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Hidden Angels

Tucked in the spire and in nooks all around the Cologne Cathedral walls are angels. Divine beings carved in stone, they watch over each congregant, each visitor, each believer, each sceptic with prayers of silent wonder. Inanimate? Hardly. The pulses of their energies radiate from the shadows with the love of their creator-artisans.

In recent years I have been much aware of angels. Some take the form of earthly friends whose constant presence in my life is divine love. Some are more the "entertaining angels unawares" kind - unexpected and startling. I share just two stories.

In 2000 my husband was desperately ill; his red blood cells were being destroyed by his own body faster than he could make them with a rare disease called autoimmune hemolytic anemia. I had left him in the hospital the night before to go home and sleep, not realizing the process in his body was escalating. Around 5:00 in the morning I awoke in a panic, sensing that something had gone terribly wrong. When I called his room his slurred and non-sensical words gave substance to my terror and I understood for the first time – though not the last - that blood does, indeed, run cold as my veins pulsed with an internal coldness.

The nurse assigned to Bob that morning was calmness to my fear. She was supportive, but honest about the catastrophic nature of his condition – he was dying and quickly.

Details of the miracles that occurred may be told another time. But for now just know that against medical odds that included usually unsurvivable low red blood counts and multiple pulmonary emboli, Bob did live (for fourteen wonderful years). A few weeks later I went back to the floor where Bob had begun this medical odyssey to thank that nurse for her straightforward words and caring love that had enabled me to become serene despite my cold, shaking fear. No one had ever heard of her. I knew several of the other nurses from our days there and they all told me the same thing – a nurse by that name had never been on that floor. Ever.

Fast forward fifteen years. the autoimmune response returned and Bob did pass over. My heart broke into millions of pieces. Tasks at my house overwhelmed me as one thing after another seemed to need attention. I was still working a fast-paced job with intense expectations and had no time to take off for anyone to come and fix things. But when my cable connection failed I had to get it repaired immediately. I worked nights and weekends from home and required internet connection.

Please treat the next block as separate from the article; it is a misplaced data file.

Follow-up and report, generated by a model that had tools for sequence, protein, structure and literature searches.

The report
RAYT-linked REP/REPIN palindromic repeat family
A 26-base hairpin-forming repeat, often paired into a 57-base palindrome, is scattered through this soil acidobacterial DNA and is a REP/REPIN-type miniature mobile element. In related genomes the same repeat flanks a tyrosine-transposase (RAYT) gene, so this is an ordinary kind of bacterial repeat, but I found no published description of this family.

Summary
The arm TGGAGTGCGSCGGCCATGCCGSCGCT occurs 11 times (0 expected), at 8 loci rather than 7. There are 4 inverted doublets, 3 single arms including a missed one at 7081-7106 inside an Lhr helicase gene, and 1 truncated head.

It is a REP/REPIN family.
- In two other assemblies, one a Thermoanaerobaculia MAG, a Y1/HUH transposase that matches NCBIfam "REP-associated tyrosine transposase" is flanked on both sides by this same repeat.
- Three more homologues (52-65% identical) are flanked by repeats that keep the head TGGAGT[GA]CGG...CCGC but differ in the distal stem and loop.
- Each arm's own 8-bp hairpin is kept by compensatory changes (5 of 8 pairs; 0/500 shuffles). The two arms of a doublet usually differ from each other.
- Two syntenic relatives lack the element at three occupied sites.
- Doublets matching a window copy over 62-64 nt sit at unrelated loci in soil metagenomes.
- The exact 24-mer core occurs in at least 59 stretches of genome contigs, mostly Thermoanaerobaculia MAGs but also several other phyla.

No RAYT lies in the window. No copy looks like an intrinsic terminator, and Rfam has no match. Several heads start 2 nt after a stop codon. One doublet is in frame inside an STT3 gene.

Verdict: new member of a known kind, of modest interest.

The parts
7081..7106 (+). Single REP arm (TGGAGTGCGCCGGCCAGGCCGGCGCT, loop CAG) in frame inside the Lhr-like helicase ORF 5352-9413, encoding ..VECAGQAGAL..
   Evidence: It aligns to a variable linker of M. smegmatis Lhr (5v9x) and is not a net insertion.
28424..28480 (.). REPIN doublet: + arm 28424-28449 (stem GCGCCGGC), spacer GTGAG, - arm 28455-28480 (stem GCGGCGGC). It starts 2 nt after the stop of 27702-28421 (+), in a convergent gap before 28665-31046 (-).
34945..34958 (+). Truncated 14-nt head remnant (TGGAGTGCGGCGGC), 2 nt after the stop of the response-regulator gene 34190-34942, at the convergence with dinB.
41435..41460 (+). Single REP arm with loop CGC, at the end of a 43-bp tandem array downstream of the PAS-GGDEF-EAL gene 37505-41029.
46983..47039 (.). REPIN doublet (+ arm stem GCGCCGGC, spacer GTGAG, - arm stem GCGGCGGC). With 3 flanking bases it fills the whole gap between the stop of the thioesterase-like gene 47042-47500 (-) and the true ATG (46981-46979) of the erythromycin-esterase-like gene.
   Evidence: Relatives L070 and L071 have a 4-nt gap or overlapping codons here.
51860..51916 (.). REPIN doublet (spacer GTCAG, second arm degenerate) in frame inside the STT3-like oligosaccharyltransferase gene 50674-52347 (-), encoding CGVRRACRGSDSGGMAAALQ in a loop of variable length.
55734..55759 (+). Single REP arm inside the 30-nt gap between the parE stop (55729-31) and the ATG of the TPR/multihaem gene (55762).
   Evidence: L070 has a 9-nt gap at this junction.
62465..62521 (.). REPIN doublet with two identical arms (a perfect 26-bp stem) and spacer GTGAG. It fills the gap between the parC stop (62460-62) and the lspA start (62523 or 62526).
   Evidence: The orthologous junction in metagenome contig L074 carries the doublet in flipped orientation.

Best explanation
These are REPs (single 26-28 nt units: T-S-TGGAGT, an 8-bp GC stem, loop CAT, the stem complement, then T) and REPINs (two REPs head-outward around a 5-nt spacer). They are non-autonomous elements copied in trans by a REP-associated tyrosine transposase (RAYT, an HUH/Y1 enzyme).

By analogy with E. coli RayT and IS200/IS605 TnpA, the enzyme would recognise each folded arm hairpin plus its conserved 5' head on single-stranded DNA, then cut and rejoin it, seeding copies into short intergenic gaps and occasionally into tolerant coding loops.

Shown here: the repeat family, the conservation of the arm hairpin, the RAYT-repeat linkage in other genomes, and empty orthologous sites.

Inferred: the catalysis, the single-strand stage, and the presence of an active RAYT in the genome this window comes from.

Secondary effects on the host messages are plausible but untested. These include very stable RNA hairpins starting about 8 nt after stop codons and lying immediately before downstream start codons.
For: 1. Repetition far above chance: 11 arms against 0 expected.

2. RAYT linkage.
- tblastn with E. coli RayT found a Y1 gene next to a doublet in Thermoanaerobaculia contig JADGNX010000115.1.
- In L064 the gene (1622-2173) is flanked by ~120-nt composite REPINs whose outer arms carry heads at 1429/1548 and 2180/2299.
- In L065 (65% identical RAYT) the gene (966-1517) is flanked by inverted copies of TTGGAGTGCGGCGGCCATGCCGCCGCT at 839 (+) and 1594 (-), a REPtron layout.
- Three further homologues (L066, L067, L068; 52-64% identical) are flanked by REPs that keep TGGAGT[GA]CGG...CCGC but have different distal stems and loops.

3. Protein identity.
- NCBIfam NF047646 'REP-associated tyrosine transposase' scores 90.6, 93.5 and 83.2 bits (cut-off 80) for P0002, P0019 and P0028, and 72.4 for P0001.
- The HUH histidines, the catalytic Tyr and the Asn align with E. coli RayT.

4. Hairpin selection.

On a cold winter morning the young man appeared from the cable/internet service provider. I so wish I had taken a surreptitious photo; with his reddish brown beard and a quirky knit cap he looked incredibly like Bob in his 20s at about the age when I first met him. I explained the issues and he began searching for solutions around the house. The cables all converged in the basement. As he began checking the connections one of the cables slipped out of his hands and he murmured quite distintly, “C’m ‘ere Roscoe” as he grabbed for it.

Startled tears and an involuntary sob shuddered through my body. Have you ever heard anyone else use those words – come here Roscoe - when working on a project and something slips out of hand? I had heard them many times come from Bob’s mouth as a nut or bolt rolled away or a cable flipped from his grasp. It wasn't just the words themselves, odd as they were, it was the inflection, the tone. The only other person I have ever known to say those words was Bob’s beloved Grandpa – from whom he had been taught to love electronics. Bob, you see, was a computer expert who understood all things electronic and usually repaired them without the need of a repair service. Quickly I excused myself and left him to his work so that I could cry unseen. When the repair was done and the connection once again worked, the young man left. But he wrote down his cell phone number in case something wasn’t completely right. The next day, I had another issue so I called the number. It was not a working number. Now maybe he gave me wrong number. Maybe I wrote it down incorrectly. Or maybe…

Angels. They appear with God's blessings just as we need them. I believe signs are here in each of our lives to give us hope, to light a path, to rekindle joy. It is our openness to miracles that enables us to see. It doesn’t require a crisis (though often that is what it takes to get my attention). Miracles take only that tiniest grain of belief. Believing is seeing.

Angels ~ watching over me ~ and you.

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